Die-cast Britain

So we’re back on the edge of another non-decision-decision moment for the Brexit process, as 30 June rolls around.

The absence of an extension the transition period means that at the end of this calendar year the UK will enter a new stage of its relationship with the EU.

We just don’t know what that will be right now.

As someone working in Higher Education, I’m starting to spot a pattern to my life, namely the multiple requests to prepare, but without knowing for quite what.

Just as universities are having to lay plans to cope with a wide range of uncertainty about student numbers, social distancing and other prophylactic measures, so the UK as a whole is being asked to get ready for 1 January 2021 with even less guidance about what that might involve.

When I considered the situation in late March, the situation seemed rather different. The new lockdown surely pointed to a shift in Brexit policy, so the delay logically came down to some positional factors.

Re-reading that piece, I still think that the various factors were correctly identified, but wrongly weighted. As the Covid response become unstuck and the brickbats flew in, the Brexit timeline became the one fixed point to which the government could hang on to, rather than a tool to be used.

That makes some sense in the chaos of everything that has followed, but it does not resolve the fundamental problem of an absence of activity.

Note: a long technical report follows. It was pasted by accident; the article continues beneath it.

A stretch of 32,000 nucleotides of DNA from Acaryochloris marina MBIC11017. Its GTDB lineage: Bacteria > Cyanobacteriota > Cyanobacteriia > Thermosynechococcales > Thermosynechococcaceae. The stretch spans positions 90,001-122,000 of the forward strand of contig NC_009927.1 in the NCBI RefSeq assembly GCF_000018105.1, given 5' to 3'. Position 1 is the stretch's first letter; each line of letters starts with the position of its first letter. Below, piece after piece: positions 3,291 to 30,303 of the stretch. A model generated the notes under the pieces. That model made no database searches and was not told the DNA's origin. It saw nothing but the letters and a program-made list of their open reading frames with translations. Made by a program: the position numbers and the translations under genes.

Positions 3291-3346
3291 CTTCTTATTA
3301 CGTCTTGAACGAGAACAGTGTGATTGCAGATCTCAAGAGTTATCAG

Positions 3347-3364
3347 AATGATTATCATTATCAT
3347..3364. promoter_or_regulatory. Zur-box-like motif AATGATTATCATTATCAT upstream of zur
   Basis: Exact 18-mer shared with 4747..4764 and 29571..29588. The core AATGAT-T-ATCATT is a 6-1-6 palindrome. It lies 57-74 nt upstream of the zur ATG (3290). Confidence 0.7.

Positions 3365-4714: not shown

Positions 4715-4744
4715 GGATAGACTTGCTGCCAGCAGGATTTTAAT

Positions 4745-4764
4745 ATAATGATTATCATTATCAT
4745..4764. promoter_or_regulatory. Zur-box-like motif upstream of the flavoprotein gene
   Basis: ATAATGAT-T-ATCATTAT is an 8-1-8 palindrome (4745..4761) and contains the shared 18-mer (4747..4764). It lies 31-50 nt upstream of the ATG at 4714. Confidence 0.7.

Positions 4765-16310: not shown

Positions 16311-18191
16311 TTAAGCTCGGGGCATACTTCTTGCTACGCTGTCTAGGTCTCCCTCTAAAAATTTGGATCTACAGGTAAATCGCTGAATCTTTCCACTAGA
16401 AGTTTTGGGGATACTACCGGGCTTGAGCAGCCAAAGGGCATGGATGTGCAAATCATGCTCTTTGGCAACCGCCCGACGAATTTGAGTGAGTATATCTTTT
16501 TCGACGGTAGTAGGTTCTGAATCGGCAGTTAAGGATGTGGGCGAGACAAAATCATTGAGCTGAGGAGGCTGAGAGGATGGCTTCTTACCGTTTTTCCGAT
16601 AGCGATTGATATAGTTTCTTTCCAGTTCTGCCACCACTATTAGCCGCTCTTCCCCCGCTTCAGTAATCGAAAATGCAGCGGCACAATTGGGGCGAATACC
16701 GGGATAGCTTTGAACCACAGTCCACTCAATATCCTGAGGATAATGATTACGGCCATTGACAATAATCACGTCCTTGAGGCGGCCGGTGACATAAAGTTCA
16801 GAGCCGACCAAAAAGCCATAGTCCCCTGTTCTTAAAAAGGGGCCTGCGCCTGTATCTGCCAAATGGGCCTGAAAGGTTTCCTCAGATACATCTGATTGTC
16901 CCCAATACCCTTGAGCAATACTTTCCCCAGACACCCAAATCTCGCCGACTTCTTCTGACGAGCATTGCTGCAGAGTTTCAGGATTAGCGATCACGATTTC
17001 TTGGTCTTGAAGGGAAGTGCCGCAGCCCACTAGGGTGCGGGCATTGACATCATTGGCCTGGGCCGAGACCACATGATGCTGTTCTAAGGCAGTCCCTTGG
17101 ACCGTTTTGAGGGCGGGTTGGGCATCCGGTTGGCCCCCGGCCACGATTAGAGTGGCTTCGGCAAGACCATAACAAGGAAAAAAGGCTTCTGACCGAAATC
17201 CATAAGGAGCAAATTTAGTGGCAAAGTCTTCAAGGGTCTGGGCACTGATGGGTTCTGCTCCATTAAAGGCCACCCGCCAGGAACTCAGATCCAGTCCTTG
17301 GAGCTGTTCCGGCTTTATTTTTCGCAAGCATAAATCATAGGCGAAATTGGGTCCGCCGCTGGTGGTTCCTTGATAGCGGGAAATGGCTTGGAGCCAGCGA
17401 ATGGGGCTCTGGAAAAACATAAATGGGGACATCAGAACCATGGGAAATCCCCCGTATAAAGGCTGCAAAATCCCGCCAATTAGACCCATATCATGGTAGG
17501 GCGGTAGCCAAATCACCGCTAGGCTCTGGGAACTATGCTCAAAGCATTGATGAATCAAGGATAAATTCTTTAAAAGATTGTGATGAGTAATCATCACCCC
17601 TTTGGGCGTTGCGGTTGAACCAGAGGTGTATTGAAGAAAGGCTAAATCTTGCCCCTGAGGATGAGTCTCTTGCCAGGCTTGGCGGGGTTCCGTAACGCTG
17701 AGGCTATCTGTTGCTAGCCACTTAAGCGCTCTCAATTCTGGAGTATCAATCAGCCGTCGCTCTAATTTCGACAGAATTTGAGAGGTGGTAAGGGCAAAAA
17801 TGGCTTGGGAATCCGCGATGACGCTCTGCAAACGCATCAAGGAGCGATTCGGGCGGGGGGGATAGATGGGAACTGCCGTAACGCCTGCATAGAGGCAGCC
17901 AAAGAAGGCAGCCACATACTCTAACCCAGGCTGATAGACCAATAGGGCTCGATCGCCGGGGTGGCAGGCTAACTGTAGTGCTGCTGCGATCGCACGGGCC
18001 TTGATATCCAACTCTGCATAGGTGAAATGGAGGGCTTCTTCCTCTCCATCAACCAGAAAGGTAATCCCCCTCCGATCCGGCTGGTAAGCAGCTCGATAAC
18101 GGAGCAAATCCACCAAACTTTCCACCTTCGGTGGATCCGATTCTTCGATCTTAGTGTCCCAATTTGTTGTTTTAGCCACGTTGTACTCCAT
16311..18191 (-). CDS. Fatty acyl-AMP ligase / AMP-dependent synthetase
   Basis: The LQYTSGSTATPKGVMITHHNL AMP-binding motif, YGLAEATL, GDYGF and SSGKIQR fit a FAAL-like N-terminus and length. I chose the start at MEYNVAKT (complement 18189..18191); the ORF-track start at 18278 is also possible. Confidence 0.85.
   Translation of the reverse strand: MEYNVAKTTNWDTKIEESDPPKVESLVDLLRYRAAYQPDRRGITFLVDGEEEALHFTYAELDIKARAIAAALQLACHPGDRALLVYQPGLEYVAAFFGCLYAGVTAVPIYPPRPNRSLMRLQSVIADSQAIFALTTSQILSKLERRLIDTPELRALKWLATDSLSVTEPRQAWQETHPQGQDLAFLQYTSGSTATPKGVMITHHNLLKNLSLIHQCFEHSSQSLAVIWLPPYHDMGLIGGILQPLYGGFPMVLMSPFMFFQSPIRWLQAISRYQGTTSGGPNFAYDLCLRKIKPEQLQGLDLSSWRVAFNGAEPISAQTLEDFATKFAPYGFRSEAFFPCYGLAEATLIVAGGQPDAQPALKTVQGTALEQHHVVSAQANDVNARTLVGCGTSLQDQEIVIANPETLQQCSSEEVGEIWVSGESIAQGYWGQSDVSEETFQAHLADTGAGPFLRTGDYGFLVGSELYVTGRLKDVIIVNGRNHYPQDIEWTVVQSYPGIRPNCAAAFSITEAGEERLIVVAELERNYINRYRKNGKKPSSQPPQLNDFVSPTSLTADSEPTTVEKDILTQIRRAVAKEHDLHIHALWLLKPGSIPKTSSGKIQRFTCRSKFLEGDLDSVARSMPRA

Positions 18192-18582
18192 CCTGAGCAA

In the week and a half since the principals’ meeting of Johnson, von der Leyen and Michel, there has been little sign of the acceleration that all sides spoke of, most notably on the UK side, which needs to produce more detail on its intentions in the Future Relationship talks and plans for the Irish Protocol implementation.

There is even less sign of the mobilisation of staff recruitment, regulatory advice or other planning to prepare for the two possible outcomes to the process: a pretty minimal FTA or a no-deal. Both require very large investments of resources, over many months, but it’s just not happening yet.

Part of that might be explained by the stated intention of the UK government to not impose full-blown border controls on day 1 of the new regime, with the concomitant hope that the EU will do the same, but that cannot be the whole of it.

And even if it were the whole of it, it’s not a resilient strategy to pursue.

Moreover, it raises the question of what the UK can actually, practically do if it doesn’t little or nothing now?

Some of the answer will lie in the agreement that is being working upon: as in previous moments, the government seems more willing to concede ground to the EU than its rhetoric might suggest. The recently floating idea that the UK voluntarily follows EU rules on the Level Playing Field, but accepts penalties if it diverges, is one might have more general application, even if it does come with rather more uncertainty than the Commission would like.

But even this leaves a significant gap that will have to be bridged somehow. And that bridging is likely to have to occur during the immediate aftermath of the end of transition, when the realities of the situation hit home.

Even if neither side tries to make that period difficult, it is clear that the disruptions to supply lines and economic activity will make for a significantly tenser environment in which to try to address multiple, interlinked problems.

Rather than fixate on “how we could have avoided this by having an extension”, perhaps we might start now on getting properly ready for when this comes around, while we still have some time.